This article has been updated to reflect the version that ran in print on Monday, October 12.
The University has selected the architecture firm that will transform Commons into the Schwarzman Center, bringing the vision of the massive student center one step closer to reality.
On Friday, Yale announced that it had hired Beyer Blinder Belle Architects & Planners LLP to design the new center. In explaining the decision, a University press release cited the firm’s role in renovating several landmark buildings and sites, including Grand Central Terminal, as well as its recent completion of master planning for the Metropolitan Museum of Art. At Yale, the firm will be tasked with reimagining uses for the 84,000-square-foot complex currently known as Commons. University President Peter Salovey said in the release that Beyer Blinder Belle’s track record makes the firm the ideal partner for this endeavor.
“I was impressed by the firm’s ability to take distinguished buildings and renovate them for imaginative new uses while preserving their architectural heritage, and I am confident that they will help us create an exceptional university-wide student center,” Salovey said in a statement.
In their planning, architects will consider a report currently being compiled by the Schwarzman Center Advisory Committee, a group of 27 students, faculty and senior administrators that Salovey assembled last spring to solicit and synthesize community hopes for the project. The report will be completed and presented to Salovey by Thanksgiving, according to Skyler Ross ’16, a member of the committee.
University spokesman Tom Conroy said Salovey will subsequently share the report with the architects.
Ross said that Bruce Alexander, vice president for New Haven and state affairs and campus development, led the search for the architecture firm, but Salovey made the final decision. Senior Counselor to the President and Provost Linda Lorimer told the News in September that Stephen Schwarzman ’69, the donor whose $150 million gift made the transformation possible, even flew back to the United States from Europe at one point to participate in the selection process for the architect.
Salovey told the News in September that bridging the report’s recommendations with the architects’ actual design will be “maybe the most important part” of the entire planning process.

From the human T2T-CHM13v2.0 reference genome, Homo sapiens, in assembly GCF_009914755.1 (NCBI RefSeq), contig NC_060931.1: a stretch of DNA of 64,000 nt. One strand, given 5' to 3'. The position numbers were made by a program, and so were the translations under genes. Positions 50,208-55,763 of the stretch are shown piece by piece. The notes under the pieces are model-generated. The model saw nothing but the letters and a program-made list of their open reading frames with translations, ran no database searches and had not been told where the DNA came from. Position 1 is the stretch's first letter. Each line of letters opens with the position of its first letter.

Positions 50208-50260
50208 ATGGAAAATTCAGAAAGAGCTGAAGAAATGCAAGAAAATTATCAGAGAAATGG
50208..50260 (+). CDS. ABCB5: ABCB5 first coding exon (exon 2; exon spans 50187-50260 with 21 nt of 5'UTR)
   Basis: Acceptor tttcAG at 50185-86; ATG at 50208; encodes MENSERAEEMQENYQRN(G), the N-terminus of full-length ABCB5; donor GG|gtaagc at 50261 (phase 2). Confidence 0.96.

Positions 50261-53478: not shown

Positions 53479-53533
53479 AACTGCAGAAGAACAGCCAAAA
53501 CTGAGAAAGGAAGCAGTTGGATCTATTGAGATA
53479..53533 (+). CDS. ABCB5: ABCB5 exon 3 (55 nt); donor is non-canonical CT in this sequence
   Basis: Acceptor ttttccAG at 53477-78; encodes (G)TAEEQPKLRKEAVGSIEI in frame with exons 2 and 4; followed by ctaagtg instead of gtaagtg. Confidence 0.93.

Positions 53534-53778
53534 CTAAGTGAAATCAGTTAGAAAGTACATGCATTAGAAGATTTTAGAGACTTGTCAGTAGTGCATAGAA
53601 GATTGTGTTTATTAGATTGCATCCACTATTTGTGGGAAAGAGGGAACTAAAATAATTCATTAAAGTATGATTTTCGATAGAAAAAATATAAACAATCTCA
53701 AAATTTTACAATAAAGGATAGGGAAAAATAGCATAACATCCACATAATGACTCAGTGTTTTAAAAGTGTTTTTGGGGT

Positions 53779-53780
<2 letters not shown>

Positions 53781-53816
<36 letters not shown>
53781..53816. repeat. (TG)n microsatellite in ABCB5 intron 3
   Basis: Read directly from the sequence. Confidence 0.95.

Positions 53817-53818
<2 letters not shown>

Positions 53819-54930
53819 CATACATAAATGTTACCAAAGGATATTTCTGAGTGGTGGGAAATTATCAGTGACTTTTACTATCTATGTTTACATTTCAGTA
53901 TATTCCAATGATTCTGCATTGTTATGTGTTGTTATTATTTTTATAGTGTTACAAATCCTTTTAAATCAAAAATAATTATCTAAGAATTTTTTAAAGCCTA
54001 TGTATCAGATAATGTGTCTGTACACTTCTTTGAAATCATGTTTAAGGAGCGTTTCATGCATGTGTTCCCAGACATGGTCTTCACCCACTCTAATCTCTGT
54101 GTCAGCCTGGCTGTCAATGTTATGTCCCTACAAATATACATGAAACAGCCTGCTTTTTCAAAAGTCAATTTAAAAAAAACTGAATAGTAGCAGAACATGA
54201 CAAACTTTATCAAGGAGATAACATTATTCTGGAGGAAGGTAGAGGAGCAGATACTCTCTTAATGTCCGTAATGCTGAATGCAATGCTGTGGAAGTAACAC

Elizabeth Leber, a partner at BBB, told the News that the goal of the project is not to erase the history of the site, but to modernize it to reflect current times.
“As we have at other historic buildings, our goal is to find a balance between preserving a building’s character and transforming it to accommodate new uses,” Leber said.
The way to achieve this balance between the historic and the modern, Leber added, is through extensive research of the building’s current condition as well as its past role as the University Commons and Memorial Hall. The firm’s vision is to bring the historic building up to date in terms of its architecture, technology and building systems.
Salovey, Alexander and other administrators did not return requests for additional explanation on the process of selecting an architect.
Leber emphasized that the caliber of her firm led to its selection.
“We pride ourselves on being excellent listeners, and [we] value the knowledge and enthusiasm that the Yale community has for this project,” Leber said. “We can’t think of a better project than the Schwarzman Center, and a better client than Yale, for us to bring these skills and passion to bear.”
The hiring of the architecture firm comes alongside administrative efforts to solicit student input in the design of the center. The Advisory Committee just concluded a series of listening tours across various University constituencies, including undergraduate organizations, residential colleges, administrators and the various graduate and professional schools.
Like Leber, Ross emphasized that collaboration — both with the Advisory Committee and with the Yale community more generally — will be a critical component of the planning efforts.
“They really are hitting the ground running on engaging with us and our community to make sure the center matches what our communal hopes for the center are,” Ross said. “The senior architect is coming to [the Advisory Committee’s] meeting next Wednesday, and I assume they will send us ideas for feedback.”
Beyer Blinder Belle was founded in 1968.
Correction, Oct. 12: A previous version of this article incorrectly stated that Beyer Blinder Belle renovated the Metropolitan Museum of Art. In fact, the firm engaged in master planning for the site.